Since 1944, when a small group of community members banded together to support Portia White’s burgeoning opera career, the Nova Scotia Talent Trust has been a consistent source of financial support for early career artists, long before local and national arts councils were established. To commemorate 75 years and over 2 million dollars in scholarships, the organization is presenting an exhibition titled First You Dream: Celebrating 75 Years of the Nova Scotia Talent Trust. Curated by Ingrid Jenker, David Diviney and Greg Davies, the exhibition brings together 10 artists who have benefitted from NS Talent Trust Scholarships from 1979 to 2016, including Jordan Broadworth, Sandra Brownlee, Lux Habrich, Sara Hartland-Rowe, Dan O’Neil, Lucy Pullen, Pamela Ritchie, Despos Sophocleous, Emily Vey Duke, and Charley Young.
The exhibition features work in a range of disciplines, including drawing, ceramics, jewellery, mixed-media, painting, sculpture, and video, by artists at all stages of their careers. Established artists like Governor General’s Award winners Sandra Brownlee and Pamela Ritchie exhibit alongside young, early career artists like Charley Young and Lux Habrich. Despite the broad collection of artistic practices, the curation of the exhibition is smooth and coherent, with the works are linked through shared emphasis on narrative, analytical methodologies, and themes of identity and belonging.
New York based artist Lucy Pullen exhibits a series of spiral sculptures, with one directly on the floor and another three displayed on brightly coloured floating pedestals of varying heights. Immediately to their left, Brownlee’s Morning Meditation Wall mixed media painting and sculpture piece explores intuitive mark-making and mindfulness. Sitting in the middle of the gallery and on an opposing wall are Charley Young’s drawings Swell (Alaska) and Swell (Svalbard), and a sculptural piece, Trace Erase: Iceberg Casts, that explore ice formations in the arctic landscapes. Together, these pieces query the relationships between spontaneity and order, and analytical and intuitive approaches to knowledge.
Emily Vey Duke, working with Cooper Battersby, presents two new videos that playfully craft multi-layered narratives about the human’s relationships with each other and with the planet. Sara Hartland-Rowe’s wall mural depicting women and children in moments of play and stillness picks up on similar themes. Though the use of stenciling techniques, mini-narratives are softly etched into the women’s bodies, recalling ideas of migration, displacement, community, and family.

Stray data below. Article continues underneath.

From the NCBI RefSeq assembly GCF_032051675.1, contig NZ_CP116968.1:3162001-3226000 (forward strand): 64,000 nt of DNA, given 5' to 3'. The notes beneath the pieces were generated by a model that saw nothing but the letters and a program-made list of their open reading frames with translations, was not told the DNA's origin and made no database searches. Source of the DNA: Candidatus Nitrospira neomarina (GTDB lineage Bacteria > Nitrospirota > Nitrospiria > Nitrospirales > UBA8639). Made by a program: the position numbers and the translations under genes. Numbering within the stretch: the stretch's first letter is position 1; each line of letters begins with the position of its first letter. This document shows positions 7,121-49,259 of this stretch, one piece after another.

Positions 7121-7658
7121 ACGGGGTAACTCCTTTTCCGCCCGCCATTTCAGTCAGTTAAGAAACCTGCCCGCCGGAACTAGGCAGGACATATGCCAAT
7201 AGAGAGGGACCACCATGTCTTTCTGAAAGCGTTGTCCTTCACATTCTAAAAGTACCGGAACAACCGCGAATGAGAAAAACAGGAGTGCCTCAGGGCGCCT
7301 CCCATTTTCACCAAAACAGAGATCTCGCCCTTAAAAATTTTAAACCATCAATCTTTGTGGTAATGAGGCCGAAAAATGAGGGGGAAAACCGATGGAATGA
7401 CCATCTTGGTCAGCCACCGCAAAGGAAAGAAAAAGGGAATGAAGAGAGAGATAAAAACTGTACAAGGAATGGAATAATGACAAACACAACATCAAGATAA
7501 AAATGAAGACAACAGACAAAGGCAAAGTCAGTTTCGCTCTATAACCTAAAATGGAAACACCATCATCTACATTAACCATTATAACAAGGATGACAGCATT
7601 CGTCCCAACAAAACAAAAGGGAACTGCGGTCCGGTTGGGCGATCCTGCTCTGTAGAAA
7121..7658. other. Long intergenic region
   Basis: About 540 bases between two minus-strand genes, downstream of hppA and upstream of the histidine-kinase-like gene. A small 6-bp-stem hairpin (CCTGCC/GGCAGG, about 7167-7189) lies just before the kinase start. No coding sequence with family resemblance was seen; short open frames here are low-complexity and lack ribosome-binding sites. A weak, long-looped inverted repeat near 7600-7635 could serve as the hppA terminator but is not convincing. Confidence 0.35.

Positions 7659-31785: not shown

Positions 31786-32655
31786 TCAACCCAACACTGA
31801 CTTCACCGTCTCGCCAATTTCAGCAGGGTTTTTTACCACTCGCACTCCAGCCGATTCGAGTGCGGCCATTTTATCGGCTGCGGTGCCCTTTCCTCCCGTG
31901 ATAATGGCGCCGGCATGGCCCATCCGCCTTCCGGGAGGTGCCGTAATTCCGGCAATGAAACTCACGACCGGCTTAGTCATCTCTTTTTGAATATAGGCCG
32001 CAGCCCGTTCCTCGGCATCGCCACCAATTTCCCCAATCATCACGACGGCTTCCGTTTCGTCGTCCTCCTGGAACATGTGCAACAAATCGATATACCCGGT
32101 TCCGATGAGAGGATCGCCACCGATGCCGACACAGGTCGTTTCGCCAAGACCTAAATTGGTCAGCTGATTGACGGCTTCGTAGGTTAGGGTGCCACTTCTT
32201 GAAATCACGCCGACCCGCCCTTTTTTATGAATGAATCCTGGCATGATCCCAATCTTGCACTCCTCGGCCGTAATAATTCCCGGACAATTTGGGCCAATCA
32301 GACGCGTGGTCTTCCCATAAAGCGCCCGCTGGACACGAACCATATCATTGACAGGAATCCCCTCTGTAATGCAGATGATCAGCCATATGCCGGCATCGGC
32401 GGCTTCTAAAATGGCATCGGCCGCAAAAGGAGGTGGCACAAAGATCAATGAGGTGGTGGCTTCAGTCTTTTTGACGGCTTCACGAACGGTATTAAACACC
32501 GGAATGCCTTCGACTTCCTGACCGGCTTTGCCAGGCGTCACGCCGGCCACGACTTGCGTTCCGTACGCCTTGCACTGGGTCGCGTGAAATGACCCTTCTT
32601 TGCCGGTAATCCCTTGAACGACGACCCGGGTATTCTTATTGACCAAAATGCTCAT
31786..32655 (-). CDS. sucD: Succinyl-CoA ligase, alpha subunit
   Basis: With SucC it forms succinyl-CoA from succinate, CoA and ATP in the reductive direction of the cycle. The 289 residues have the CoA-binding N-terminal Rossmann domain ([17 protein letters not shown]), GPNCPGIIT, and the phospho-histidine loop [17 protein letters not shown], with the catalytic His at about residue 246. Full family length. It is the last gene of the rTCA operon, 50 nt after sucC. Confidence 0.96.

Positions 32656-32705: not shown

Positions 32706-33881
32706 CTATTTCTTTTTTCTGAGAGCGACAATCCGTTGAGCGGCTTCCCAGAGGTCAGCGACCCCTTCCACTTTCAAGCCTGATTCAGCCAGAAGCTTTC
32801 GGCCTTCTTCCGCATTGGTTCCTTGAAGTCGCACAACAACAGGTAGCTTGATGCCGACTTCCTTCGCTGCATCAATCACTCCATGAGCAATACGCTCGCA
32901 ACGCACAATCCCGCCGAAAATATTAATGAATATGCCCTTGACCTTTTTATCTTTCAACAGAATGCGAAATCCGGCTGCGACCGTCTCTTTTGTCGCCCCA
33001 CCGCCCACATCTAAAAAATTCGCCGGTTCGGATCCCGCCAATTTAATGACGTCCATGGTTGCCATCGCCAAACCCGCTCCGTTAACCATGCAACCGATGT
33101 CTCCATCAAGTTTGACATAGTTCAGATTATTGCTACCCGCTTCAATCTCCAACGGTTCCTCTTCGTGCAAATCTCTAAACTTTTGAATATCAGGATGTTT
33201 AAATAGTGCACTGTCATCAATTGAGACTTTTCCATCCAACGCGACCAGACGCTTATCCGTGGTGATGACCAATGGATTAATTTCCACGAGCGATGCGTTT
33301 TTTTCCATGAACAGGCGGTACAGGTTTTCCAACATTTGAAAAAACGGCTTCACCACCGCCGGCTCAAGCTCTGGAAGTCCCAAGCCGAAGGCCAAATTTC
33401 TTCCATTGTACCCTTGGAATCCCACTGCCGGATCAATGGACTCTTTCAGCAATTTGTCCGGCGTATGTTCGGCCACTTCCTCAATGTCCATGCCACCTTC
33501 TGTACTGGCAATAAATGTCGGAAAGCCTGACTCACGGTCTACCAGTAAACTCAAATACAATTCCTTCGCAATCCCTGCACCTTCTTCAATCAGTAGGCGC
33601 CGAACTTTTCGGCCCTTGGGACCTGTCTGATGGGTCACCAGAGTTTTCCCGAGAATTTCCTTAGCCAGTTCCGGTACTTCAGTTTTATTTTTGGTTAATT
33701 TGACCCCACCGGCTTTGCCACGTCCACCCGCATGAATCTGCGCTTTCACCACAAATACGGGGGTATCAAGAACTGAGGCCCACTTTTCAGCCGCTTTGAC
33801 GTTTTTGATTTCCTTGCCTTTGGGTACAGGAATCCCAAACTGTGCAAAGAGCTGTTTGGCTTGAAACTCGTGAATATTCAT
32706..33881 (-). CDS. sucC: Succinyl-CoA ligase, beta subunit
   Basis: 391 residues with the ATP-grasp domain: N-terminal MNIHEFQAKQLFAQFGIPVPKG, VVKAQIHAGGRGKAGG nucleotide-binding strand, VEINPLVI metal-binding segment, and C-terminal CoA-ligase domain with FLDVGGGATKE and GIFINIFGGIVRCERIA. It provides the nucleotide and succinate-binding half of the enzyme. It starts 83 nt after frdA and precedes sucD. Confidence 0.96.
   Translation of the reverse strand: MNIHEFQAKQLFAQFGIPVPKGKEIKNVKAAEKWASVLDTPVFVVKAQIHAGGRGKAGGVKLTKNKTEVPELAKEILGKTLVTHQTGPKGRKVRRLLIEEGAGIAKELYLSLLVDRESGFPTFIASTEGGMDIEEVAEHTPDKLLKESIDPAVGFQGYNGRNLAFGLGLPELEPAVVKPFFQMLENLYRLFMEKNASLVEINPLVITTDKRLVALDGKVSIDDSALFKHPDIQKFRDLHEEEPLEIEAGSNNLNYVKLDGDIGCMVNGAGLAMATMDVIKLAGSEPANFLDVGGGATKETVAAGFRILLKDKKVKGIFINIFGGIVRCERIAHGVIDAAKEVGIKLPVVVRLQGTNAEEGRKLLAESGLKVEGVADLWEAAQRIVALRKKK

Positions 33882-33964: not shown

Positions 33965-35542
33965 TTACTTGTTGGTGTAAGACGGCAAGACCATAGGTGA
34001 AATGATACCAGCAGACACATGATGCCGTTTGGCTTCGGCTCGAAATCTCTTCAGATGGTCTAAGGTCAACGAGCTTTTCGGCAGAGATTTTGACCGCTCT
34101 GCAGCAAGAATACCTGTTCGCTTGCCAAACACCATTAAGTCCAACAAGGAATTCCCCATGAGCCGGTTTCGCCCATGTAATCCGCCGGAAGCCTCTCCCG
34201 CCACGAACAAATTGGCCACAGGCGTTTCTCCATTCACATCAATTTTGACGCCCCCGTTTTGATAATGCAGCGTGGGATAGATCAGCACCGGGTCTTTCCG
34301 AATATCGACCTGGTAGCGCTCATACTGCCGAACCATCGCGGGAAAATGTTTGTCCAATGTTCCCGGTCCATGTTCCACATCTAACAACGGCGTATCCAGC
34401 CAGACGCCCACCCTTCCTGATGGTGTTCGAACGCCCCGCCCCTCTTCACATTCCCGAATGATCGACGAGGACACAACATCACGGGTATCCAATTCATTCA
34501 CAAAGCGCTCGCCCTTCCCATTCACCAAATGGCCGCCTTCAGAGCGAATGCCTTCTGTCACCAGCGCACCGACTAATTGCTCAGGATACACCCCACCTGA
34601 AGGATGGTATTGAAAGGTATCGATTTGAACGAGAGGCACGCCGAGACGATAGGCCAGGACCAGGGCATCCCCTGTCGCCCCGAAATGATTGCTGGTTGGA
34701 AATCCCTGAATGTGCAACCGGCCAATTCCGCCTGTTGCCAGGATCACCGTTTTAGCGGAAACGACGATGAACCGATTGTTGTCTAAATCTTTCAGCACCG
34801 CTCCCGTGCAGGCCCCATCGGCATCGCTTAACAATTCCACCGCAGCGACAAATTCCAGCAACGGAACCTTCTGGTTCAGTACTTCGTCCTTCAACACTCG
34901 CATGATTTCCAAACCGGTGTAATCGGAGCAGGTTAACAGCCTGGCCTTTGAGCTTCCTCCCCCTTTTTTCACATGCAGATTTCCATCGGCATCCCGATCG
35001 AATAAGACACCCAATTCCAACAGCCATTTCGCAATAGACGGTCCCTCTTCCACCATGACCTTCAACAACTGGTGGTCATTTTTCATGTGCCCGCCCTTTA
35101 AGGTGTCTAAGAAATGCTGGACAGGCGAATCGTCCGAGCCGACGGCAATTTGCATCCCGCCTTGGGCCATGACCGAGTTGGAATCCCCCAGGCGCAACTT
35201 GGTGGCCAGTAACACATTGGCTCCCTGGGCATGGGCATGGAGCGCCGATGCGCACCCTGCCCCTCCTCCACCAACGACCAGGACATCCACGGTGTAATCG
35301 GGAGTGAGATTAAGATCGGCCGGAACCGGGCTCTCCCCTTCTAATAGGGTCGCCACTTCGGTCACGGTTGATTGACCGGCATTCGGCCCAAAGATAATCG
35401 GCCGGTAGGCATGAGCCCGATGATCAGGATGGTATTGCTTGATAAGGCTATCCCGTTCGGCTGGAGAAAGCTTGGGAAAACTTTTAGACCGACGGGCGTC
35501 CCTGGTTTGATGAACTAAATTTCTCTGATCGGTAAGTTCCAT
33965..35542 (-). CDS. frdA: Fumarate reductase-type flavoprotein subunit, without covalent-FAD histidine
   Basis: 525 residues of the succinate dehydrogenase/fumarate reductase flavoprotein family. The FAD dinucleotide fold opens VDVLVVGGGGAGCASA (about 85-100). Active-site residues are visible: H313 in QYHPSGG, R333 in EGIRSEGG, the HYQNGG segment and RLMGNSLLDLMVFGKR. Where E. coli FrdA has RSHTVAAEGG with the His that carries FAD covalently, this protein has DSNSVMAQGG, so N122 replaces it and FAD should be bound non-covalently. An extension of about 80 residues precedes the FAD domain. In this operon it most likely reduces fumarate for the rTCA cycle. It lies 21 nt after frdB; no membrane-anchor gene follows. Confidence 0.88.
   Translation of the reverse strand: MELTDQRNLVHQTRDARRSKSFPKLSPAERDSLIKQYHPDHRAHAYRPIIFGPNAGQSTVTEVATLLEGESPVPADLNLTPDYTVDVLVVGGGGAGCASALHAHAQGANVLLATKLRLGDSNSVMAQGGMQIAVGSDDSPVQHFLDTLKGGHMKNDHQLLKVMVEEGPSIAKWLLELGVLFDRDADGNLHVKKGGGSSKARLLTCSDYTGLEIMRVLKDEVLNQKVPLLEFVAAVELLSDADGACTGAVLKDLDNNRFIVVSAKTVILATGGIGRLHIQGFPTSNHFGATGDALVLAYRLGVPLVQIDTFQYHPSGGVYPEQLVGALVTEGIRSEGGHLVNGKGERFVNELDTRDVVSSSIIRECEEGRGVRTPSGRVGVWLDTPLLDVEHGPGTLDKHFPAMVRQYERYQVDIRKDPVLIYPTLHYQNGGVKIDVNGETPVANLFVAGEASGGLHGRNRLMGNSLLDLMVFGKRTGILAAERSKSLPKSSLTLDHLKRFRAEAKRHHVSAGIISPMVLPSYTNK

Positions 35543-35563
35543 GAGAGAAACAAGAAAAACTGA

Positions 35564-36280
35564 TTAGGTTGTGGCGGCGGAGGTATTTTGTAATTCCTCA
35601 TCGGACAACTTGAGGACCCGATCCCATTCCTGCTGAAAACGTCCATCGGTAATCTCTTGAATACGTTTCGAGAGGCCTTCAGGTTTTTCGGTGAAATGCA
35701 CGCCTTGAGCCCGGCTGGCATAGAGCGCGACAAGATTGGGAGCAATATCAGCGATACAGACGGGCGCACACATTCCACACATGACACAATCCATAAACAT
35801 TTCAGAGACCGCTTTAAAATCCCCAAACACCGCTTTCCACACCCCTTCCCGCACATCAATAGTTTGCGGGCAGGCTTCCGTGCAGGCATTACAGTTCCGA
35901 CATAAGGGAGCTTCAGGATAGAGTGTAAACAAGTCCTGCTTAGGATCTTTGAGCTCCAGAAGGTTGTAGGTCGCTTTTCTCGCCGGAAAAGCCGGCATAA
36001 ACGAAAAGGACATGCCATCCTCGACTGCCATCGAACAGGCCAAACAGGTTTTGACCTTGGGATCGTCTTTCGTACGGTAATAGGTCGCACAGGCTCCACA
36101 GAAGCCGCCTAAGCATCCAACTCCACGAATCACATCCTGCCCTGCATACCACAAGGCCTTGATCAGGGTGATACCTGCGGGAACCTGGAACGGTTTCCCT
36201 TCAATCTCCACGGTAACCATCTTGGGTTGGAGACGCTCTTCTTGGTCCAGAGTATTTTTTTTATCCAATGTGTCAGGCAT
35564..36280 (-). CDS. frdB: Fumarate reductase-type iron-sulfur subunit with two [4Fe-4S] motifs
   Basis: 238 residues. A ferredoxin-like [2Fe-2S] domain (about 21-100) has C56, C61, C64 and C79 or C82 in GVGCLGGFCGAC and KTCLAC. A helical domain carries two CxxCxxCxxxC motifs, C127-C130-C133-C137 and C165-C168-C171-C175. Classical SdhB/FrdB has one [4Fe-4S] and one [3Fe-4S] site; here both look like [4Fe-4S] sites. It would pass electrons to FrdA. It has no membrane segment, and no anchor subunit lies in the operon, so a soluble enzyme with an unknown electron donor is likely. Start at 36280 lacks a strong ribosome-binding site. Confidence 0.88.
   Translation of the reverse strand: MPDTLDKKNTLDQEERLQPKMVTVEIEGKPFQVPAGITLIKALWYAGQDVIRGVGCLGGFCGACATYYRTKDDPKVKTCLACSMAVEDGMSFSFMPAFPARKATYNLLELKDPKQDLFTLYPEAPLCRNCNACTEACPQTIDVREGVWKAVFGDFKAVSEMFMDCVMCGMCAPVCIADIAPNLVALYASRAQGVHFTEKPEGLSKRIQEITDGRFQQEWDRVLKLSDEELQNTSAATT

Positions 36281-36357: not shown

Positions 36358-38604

Emerging artist Lux Harbich further investigates family and identity in a striking triptych of portraits, titled My Roots Are All Sick (Broken Heirlooms) shown alongside Borrowed Time, an intricate ceramic and knitted wool sculpture.
Next to Habrich’s work, Jordan Broadworth’s painting Meshed Redirect is an abstract study of pixilation that merges traditional painting techniques with digital aesthetics. Dan O’Neil’s lithograph triptych echoes notes of Broadworth’s pixilation, while evoking adolescent wistfulness.
Despos Sophocleous exhibits a set of five wooden necklace that are made up of moveable elements reminiscent of children’s toys or analogue machinery. Pamela Ritchie offers several more jewellery works that explore the cyclicality of history, including Chain of Office, a necklace that replaces gemstone with postage stamps
In a province where arts funding remains scarce, and where opportunities for growth may seem limited, a scholarship from NS Talent Trust is a gift of “artistic faith”, as Habrich puts it. It is as much a gesture of encouragement and a vote of confidence as it is a means of financial assistance. The artists featured in First You Dream demonstrate what can happen when a dream is seen and supported, and when emerging talent is given the space, resources, and trust to thrive.
First You Dream: Celebrating 75 Years of the Nova Scotia Talent Trust
MSVU Art Gallery. Halifax, Nova Scotia
May 18 – July 28, 2019